Sour Gripes


How long ago was it that we were last told that electricity was the answer in home heating? It seems to me that I’ve encountered two or three electric heating systems in and around St. Marys over the years. In some homes, which probably dated back into the fifties, radiant ceiling heat was popular. In my travels I have seen the odd electric forced air furnace. The big push to electric heat must have been in the latter sixties and seventies. Houses of that era were better insulated if electric heat was used (almost all were base board heaters). In those days natural gas was not as common and oil heat was thought to be dirty. It was said that a black smudge accrued over time with oil heat although I find it hard to believe that a properly functioning furnace could mix exhaust with internal heated air (wouldn’t that prove fatal: co2?). I do however seem to remember smoke in my grandparents’ house when one of the darn kids messed with the choke and damper chains. So, it seemed that electricity was a clean plentiful and inexpensive alternative. In our early school years we were taught that flowing water (Eg. Niagara Falls) was more than enough to power our every need. Hence in Ontario electricity was and is known as Hydro.

I believe (correct me if I’m wrong) that there were subsidies for electrically heated home construction around the time that a great number of local houses were built. What years would Margaret and Ethel Courts been built? I suppose homes all around town in that time period were electrically heated. Truly it was a convenient way to heat a home. Each room was easily adjusted by its own thermostat. I guess no one expected the boom in electrical gadgets and an upward spiral in electricity costs.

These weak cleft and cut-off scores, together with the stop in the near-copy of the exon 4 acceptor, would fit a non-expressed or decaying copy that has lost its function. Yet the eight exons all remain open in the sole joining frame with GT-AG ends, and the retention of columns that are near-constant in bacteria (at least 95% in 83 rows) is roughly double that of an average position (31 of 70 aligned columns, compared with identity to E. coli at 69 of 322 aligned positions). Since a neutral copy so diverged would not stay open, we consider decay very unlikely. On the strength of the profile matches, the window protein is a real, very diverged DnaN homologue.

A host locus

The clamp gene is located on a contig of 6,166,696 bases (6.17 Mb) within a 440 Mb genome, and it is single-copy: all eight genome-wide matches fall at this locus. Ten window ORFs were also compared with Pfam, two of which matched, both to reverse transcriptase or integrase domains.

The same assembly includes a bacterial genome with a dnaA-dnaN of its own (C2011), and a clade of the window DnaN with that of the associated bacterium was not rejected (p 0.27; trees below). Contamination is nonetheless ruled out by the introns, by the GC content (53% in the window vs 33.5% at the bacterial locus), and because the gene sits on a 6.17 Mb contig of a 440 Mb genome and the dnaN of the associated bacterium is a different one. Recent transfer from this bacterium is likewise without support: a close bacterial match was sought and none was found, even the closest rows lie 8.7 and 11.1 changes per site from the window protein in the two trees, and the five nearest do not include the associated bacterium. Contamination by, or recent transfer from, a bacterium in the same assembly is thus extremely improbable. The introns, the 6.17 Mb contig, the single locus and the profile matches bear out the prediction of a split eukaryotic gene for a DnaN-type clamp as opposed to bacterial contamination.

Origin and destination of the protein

Suffice to say that in my past career as a Realtor a home solely heated by electricity was a hard sell. Gas fireplaces as a supplement and gas forced air replacements have become a far less expensive alternative.

HORRORS: I returned from a great escape (and a lot of fun) back into cellular reception land and into a nightmare! Was it a hoax? Was it a red herring like the proroguing issue that surely gave Kathleen Wynne a chuckle? Was it or is it a distraction from ongoing scandals? Is this a test? How big a splash would this cause or how much can she get away with?. Surely our Premier would not slip the noose around our necks that will wean us off of natural gas and strangle us with Hydro costs!!! Is she on a personal crusade to turn back the ecological clock no matter how many of us it puts in the poor house or on the street? Of course the “leak” has been denied as a ban but does not bar incentives and barriers to drive out natural gas (fossil fuels). An example was sighted as an incentive of up to $20,000 for new construction with alternative energy sources. (That’s our money folks!) Goals of no fossil fuels in small buildings by 2030 and in no buildings by 2050 are part of the leak. Estimated costs of conversions to Hydro and monthly costs will floor you!

REMINISCING: Although the weather often did not co-operate the May 24th. Victoria Day long week end has long been considered more or less the official start of spring and summer activities. It was the first camping week end from scouting days on. The early heavy canvas floorless tents and a separate ground tarp gave way to lighter equipment. We moved up off the ground onto cheap air mattresses that inevitably leaked prior to morning. Better mattresses followed and eventually camp cots! I personally did not move up to a tent trailer (except for an occasional rental) or what we used to call “a house trailer” (anything with solid walls and roof) I took a hiatus from camping until the odd tenting venture when children were small. Although the trailers have become amazing I now prefer a cabin with a wood stove or a hotel room. A camp fire and a group gathered around though will always be an attraction and bring back great memories. Bring on summer!


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